Researchers at the University of Wisconsin last month announced a tool that combines two high-profile societal trends: a big data analytic that sifts through the 250 million Twitter messages to identify those belonging to school bullies or their victims.
The software, which is designed to identify after-the-fact posts from bullies, victims, accusers, or defenders, tags about 15,000 messages per day as related to a specific incident of bullying.
The ability to identify specific types of incidents from messages posted by participants outside of school should be valuable to school administrators whose only opportunity for assessing bullying in their schools might be an annual survey and whatever facts they can squeeze out of reticent victims, the researchers said.
Unfortunately for the developers, however, bully identification is not high on the list of priorities for which venture capitalists are willing to fund new companies.
[ Data scientists are in high demand, and the field is expected to grow dramatically. Read more at Data Scientists: Meet Big Data's Top Guns. ]
On the other hand, it's relatively simple to land $2 million in funding for big-data tool development, even if your company has a squirrely name and a shadowy origin as a spinoff of the National Security Agency--that is, as long as your plan is to add enough security to big data apps to let heavily regulated industries like health care and financial services use them.
The company--Sqrrl-- is working on developing security that's granular enough to allow emergency room staff access to a patient's phone number, street address, or list of allergies in an Electronic Health Record, while locking down his or her Social Security number and financial and personal details.
That could create a huge change in the way health care organizations handle digital health records, which currently can be either open or closed and have little ability to hide the most sensitive bits of data. Big data is important, but big analytics are more important--because it's not having big data that matters, but doing something useful with it, according to data- and information-management analyst Colin White of BI Research.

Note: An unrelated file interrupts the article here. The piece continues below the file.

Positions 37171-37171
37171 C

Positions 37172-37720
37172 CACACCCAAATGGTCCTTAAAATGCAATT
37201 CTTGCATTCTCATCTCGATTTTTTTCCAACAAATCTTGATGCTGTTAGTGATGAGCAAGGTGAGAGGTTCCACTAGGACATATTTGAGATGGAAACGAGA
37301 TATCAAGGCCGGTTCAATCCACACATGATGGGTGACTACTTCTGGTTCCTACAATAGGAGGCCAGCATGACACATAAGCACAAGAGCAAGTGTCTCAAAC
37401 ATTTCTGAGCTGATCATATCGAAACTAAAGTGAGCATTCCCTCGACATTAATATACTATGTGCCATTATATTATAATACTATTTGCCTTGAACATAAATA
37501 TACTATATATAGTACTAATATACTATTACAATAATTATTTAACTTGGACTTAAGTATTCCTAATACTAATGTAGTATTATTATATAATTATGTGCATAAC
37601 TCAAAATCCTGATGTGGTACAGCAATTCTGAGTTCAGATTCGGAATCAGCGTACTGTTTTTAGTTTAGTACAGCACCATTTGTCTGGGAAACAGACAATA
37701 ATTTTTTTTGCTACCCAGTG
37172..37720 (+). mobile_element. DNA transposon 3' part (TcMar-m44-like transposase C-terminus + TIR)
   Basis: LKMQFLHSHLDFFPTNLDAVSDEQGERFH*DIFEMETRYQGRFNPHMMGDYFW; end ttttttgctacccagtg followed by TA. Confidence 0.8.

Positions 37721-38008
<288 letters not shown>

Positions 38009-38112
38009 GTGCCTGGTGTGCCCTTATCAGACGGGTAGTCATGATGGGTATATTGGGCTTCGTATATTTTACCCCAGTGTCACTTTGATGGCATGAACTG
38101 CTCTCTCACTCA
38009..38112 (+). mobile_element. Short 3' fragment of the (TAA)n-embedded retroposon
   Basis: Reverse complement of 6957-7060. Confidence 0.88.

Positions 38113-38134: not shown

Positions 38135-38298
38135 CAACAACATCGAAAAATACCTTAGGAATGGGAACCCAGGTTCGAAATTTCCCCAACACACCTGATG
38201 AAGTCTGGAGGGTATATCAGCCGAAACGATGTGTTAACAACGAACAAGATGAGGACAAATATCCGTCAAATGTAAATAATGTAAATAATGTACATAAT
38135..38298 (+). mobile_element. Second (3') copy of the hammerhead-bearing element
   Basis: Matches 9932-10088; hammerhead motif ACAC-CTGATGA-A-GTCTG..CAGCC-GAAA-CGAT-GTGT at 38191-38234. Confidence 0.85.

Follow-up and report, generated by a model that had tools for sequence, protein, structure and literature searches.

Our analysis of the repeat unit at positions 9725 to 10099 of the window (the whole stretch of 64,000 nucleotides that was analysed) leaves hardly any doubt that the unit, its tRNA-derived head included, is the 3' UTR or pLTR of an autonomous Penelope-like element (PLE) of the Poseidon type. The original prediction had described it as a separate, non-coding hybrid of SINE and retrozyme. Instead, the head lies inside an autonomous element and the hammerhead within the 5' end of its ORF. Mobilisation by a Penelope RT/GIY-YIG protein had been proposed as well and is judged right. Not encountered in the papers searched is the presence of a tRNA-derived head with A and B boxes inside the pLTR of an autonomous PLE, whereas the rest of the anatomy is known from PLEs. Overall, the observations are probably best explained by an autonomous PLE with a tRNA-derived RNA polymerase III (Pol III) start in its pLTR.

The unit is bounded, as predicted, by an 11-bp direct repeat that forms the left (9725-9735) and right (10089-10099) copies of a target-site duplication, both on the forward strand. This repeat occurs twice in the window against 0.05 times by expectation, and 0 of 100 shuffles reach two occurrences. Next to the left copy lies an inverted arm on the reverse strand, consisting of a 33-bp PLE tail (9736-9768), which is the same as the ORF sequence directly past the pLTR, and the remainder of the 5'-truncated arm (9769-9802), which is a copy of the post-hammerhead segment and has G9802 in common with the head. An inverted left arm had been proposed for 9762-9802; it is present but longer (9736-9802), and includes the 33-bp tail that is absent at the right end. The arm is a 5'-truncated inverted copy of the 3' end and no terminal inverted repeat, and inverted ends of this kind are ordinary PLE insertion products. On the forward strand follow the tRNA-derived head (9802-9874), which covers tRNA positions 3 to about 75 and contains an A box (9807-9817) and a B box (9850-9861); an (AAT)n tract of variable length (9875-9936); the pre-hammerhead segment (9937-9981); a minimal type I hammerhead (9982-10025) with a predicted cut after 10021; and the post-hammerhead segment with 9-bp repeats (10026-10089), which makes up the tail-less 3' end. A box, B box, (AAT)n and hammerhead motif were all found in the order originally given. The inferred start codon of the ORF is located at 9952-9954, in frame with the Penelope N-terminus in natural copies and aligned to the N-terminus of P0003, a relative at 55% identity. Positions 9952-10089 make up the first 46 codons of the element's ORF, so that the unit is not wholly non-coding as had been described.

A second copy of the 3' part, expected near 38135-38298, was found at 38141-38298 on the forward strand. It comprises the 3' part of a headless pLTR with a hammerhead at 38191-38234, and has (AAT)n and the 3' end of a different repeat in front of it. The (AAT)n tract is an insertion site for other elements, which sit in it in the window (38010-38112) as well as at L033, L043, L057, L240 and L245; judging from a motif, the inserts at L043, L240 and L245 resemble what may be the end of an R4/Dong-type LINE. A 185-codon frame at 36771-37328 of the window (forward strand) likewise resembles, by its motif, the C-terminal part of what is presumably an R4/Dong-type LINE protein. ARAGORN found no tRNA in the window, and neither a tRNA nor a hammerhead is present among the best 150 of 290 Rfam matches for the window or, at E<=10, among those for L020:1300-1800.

The long-term difference between a company that uses big data effectively and one that ends up wandering in the desert with no idea where to go may be the organization's ability to focus on the workload needed to address a problem rather than focusing on a new technology such as Hadoop, White said.
While there is definitely a gap between corporate executives' awareness of big data and the questions they would like it to answer, the more immediate question is how to actually get those answers without tools that let non-specialists ask their own questions--and without the infrastructure of tools needed to whip big-data sets into shape in the first place, according to Shalini Das, research director at the CIO Executive Board.
Big data technology and the knowledge base describing how to use it are both desperately immature and, in fact, are impeding each other's development.
Without knowing what questions to ask, how to ask them, or what data needs to be assembled to find the answers they need, business managers--who should be the ultimate consumers of big-data analytics--don't know where to start, according to White. And without specific questions to be answered, goals to be met, and well-defined benefits to be gained from effective analysis, Das explained, big data analytics software developers don't know which types of tools would be most valuable.
Effective tools and best practices will develop in tandem, forcing IT and business analysts to work together to set ground rules and to implement the actual technology, according to White.